Fertility for the Black Community
Black Women and Infertility
Black women and couples often have unique fertility challenges and while infertile women and couples may benefit from assisted reproductive technology (ART) such as in vitro fertilization (IVF), there is relative underuse of such treatments by black women. A cultural emphasis on privacy, religious beliefs and cultural stigma may prohibit candid discussions of infertility and exploration of treatment options.Multiple studies show that Black women have a greater duration of infertility before seeking evaluation by a fertility specialist or undergoing treatment.
11% of reproductive aged women (6.7 million women) experience difficulties conceiving or bringing a pregnancy to term and Non-Hispanic Black women are 1.8 times more likely to have infertility than women of other races. Black women are also more likely to have blocked fallopian tubes or uterine factors such as fibroids as their primary infertility diagnosis, compared with white women.
Black women are under-represented in IVF clinics and as a result, literature on outcomes reflects the experiences of white women. However, even when Black women attain access to ART, particularly IVF, they have a lower chance of a successful live birth and a higher risk of miscarriage compared to white women.
Source: ASRM, Resolve: The National Infertility Association
Inability to afford ART treatment may be contributing factors to these disparities, but noneconomic barriers can also be impediments to accessing infertility treatment. Additionally, the burden of pursuing treatment can be daunting, as patients require multiple appointments that lead to more time off work and potentially less income.
While we will work with you choose the best treatments that fit within your budget, we also have several resources you may be able to use to make your fertility treatments more affordable. Below we’ve outlined available options that make realizing your dream of starting a family possible, including: Contracted Insurance, Financial Alternatives, and Suggested Pharmacies.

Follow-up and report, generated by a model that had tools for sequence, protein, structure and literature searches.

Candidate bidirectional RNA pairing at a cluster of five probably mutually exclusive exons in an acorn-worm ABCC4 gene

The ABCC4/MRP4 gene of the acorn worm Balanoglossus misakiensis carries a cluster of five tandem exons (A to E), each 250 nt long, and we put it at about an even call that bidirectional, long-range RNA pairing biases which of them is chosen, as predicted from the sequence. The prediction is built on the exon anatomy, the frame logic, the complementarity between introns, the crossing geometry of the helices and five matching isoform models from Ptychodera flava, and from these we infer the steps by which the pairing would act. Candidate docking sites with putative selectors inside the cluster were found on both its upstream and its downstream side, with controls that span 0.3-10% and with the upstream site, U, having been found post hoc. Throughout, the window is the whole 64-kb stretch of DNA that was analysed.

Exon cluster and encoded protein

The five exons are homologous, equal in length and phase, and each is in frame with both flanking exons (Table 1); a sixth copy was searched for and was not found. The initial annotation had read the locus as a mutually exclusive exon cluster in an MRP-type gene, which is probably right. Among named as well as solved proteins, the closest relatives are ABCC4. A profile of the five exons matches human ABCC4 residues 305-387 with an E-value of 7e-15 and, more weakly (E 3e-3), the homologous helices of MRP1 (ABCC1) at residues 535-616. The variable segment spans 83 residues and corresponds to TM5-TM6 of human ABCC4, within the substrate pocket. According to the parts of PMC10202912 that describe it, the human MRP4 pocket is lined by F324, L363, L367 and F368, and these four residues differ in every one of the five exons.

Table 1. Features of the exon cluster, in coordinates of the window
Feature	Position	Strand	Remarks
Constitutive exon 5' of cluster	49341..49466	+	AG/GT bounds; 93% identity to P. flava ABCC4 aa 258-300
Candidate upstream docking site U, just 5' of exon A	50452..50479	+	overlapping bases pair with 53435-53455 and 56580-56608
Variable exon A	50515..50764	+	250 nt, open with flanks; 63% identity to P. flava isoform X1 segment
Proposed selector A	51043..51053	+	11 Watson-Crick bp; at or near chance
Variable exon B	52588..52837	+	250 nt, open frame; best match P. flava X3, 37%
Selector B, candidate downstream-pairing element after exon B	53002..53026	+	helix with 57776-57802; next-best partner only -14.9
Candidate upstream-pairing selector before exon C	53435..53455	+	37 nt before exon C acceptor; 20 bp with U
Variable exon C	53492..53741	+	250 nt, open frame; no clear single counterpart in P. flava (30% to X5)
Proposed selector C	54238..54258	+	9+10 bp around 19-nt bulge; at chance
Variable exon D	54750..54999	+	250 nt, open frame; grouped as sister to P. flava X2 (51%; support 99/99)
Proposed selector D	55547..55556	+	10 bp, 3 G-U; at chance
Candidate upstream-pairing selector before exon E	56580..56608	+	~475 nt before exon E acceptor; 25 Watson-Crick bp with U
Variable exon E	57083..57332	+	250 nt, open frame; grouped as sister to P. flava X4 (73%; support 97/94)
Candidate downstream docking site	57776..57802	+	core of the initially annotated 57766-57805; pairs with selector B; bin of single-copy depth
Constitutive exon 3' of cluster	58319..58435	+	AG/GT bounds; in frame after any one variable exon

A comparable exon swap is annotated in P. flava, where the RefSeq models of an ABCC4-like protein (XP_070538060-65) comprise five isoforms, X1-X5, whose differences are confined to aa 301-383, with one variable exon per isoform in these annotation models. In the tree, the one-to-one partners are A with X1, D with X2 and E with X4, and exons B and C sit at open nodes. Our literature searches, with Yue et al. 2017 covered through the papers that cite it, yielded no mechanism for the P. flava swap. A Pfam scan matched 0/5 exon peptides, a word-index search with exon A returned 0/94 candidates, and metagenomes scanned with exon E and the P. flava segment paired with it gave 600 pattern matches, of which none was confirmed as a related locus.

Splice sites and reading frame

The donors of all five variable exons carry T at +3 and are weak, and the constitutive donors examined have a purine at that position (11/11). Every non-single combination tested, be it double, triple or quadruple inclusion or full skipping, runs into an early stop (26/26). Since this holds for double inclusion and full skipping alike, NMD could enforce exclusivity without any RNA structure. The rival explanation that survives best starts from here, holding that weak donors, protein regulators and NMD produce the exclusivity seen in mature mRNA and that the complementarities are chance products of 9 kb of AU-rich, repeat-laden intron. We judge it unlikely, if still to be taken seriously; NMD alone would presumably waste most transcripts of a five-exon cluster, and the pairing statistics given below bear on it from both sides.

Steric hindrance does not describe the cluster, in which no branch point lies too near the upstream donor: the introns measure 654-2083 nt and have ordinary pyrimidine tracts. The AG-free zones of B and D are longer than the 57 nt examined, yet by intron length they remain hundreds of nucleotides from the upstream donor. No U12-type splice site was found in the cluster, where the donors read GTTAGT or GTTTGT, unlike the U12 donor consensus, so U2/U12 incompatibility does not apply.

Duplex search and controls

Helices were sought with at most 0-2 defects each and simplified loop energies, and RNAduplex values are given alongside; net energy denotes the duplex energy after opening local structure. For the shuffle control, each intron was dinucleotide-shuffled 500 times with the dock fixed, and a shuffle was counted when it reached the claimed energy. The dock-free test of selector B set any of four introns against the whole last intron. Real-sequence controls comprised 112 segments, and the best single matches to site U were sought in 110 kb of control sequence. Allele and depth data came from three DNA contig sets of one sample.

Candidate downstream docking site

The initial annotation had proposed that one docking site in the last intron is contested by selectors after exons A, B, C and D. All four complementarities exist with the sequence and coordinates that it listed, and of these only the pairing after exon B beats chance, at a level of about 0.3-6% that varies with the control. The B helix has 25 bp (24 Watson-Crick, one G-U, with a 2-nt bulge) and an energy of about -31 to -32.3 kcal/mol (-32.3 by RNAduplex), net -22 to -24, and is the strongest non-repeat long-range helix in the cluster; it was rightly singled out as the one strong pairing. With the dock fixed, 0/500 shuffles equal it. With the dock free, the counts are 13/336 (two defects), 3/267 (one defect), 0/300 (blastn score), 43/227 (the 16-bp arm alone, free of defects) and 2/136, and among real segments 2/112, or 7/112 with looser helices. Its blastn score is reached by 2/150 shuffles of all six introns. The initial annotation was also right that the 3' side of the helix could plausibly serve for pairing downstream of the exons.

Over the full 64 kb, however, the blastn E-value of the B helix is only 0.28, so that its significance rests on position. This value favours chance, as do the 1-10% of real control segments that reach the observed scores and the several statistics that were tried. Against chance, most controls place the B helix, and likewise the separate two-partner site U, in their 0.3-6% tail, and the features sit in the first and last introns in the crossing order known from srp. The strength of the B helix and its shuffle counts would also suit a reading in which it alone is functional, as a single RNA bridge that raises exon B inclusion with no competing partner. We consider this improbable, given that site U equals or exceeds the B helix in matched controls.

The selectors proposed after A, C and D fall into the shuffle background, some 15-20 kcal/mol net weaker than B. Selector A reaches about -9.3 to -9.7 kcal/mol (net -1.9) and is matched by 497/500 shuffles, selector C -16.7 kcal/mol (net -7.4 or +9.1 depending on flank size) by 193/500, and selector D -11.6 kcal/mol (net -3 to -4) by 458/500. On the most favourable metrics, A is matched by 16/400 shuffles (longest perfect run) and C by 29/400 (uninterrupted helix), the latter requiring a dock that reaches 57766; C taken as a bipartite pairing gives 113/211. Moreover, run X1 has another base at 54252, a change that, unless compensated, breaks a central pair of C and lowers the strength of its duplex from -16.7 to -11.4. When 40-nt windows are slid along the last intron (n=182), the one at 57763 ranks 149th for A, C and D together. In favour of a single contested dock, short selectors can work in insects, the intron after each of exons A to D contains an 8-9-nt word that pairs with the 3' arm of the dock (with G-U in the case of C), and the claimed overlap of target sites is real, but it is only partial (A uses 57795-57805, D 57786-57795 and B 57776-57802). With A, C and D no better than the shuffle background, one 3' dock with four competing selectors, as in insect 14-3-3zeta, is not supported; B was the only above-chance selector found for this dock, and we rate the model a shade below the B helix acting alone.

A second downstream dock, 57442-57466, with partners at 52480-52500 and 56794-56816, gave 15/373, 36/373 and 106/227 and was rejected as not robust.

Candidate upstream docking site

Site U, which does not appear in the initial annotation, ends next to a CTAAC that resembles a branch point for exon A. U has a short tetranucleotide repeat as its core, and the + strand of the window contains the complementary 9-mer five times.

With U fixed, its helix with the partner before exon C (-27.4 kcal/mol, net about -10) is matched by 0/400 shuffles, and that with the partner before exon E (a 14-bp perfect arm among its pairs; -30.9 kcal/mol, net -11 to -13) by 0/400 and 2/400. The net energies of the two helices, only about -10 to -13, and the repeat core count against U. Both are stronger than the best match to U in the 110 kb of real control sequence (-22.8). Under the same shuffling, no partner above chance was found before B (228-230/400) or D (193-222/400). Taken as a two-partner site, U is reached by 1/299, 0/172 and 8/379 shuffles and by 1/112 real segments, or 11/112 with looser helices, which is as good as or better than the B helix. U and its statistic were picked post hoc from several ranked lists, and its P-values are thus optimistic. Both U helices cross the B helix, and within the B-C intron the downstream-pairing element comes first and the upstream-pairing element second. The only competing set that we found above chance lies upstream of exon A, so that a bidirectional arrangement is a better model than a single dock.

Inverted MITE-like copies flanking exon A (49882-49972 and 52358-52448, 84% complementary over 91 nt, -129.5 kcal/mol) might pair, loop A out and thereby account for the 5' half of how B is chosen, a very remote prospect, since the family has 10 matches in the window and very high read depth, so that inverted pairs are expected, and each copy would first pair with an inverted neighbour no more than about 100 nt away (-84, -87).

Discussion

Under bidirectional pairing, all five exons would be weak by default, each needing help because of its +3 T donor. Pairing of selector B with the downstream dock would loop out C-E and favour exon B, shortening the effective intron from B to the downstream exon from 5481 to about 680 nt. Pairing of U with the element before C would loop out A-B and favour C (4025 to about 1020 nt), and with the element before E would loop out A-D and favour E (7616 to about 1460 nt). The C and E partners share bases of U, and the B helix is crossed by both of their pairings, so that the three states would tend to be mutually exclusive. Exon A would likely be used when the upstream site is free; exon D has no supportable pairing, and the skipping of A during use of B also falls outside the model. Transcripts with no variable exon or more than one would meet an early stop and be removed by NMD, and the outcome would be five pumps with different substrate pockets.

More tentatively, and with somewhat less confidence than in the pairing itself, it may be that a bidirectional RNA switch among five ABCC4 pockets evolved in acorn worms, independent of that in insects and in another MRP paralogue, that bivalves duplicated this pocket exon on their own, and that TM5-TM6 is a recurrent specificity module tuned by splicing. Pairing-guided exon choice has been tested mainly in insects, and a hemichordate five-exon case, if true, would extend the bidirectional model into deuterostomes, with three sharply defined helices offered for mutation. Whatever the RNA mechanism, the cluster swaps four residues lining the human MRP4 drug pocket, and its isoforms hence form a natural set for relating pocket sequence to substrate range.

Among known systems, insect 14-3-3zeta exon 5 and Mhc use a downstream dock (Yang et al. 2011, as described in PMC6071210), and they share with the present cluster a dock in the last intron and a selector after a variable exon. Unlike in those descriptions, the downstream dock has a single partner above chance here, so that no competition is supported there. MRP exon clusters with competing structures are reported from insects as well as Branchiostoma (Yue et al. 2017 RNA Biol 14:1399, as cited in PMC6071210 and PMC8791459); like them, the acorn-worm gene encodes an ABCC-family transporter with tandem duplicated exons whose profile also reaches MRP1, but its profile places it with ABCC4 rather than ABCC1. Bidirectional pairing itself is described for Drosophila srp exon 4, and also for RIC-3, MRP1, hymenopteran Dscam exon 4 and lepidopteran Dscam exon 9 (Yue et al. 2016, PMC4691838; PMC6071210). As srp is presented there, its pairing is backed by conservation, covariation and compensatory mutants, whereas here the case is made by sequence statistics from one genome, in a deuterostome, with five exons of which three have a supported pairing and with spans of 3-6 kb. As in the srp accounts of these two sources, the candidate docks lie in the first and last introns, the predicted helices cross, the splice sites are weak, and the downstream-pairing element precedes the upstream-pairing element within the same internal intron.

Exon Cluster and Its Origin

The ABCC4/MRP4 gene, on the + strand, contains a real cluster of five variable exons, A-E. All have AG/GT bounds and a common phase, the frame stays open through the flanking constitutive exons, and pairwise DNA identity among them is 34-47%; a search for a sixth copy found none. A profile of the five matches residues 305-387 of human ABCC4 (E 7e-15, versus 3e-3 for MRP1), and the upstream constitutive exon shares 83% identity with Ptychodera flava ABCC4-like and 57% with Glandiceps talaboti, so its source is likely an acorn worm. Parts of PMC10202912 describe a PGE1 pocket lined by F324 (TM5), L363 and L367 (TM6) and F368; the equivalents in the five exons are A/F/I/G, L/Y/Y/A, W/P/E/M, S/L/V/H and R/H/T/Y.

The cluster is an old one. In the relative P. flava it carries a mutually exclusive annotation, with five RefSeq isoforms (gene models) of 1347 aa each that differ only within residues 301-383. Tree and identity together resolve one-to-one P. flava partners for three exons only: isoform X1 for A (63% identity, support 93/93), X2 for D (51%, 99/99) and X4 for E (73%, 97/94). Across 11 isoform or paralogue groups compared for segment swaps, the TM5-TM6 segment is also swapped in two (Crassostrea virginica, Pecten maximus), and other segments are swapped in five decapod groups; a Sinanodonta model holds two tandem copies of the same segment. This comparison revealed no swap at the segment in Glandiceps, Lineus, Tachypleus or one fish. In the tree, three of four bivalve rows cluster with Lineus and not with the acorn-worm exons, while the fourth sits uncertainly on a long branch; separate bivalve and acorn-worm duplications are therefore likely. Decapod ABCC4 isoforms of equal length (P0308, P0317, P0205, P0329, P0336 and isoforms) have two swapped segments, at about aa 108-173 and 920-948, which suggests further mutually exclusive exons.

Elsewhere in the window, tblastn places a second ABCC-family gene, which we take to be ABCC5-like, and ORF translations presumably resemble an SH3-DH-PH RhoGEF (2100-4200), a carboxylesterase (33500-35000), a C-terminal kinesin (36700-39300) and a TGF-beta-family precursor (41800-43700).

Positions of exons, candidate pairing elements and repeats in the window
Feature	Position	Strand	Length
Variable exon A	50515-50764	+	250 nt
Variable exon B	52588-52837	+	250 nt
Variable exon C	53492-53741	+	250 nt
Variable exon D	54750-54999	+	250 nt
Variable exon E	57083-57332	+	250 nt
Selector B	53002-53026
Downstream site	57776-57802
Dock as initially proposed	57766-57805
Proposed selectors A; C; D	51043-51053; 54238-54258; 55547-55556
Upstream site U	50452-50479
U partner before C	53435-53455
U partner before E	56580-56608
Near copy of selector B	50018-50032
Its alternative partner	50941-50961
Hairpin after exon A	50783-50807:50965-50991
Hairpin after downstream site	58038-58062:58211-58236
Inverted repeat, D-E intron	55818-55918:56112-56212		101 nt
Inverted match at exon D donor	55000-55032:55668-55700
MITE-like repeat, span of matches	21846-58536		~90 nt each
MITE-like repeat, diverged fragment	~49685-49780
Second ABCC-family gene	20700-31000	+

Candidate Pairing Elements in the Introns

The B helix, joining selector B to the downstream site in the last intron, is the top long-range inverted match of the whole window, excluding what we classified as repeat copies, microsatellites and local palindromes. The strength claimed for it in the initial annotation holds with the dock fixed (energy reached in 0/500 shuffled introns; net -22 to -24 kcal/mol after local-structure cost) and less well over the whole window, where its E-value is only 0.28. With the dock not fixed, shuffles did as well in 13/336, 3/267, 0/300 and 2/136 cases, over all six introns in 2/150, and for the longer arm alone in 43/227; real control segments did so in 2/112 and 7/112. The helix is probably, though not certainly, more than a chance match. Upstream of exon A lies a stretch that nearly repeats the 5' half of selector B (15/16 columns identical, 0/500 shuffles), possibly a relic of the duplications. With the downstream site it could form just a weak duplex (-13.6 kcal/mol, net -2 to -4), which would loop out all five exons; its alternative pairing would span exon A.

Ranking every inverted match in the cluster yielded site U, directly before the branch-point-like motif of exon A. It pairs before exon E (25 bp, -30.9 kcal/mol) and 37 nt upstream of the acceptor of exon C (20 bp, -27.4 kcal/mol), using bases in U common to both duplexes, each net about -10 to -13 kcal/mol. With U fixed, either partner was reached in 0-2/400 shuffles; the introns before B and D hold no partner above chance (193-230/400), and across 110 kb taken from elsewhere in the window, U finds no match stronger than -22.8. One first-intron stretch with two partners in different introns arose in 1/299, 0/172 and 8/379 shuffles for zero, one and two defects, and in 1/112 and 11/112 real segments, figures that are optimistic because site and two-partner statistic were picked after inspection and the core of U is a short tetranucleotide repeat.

Further research is needed to determine if race/ethnicity, and associated genetics, is a determinant factor in IVF outcomes, or if correlates such as duration of infertility, socio-economic status, and cultural and behavioral differences have a larger influence on reported outcomes. Laurel Fertility Care is dedicated to providing the best fertility support and care needed to grow your dreams of having the family you want.
Let us start the conversation. We have the resources you are looking for!
Infertility Support Organizations
Fertility for Colored Girls
The Goal of Fertility for Colored Girls is to empower African American women/couples to address and resolve their issues with infertility and to inform the community of such issues by providing quality education, support, advocacy, and encouragement regarding infertility and reproductive health. The organization will offer resources that meet/satisfy individual needs to assist impacted women and their families, to enhance their fertility, gain hope, and build the families of their dreams.
Kellee Stewart created Warrior Wednesdays after choosing to freeze her eggs at the end of a seven-year relationship. During the process, she realized how little she knew about reproductive health and how little she was taught throughout her life. She asked the questions: What about the people with ovaries struggling through a cancer diagnosis? What about women with blocked fallopian tubes or undiagnosed infertility? What about miscarriages, IVF, adoption, donor eggs and sperm? And what about the women who looked like her— black women who face unconscionable health disparities and a higher maternal and infant mortality rate than our counterparts? Or the LGBTQ community who face extreme hurdles and discriminatory bias on their path to parenthood?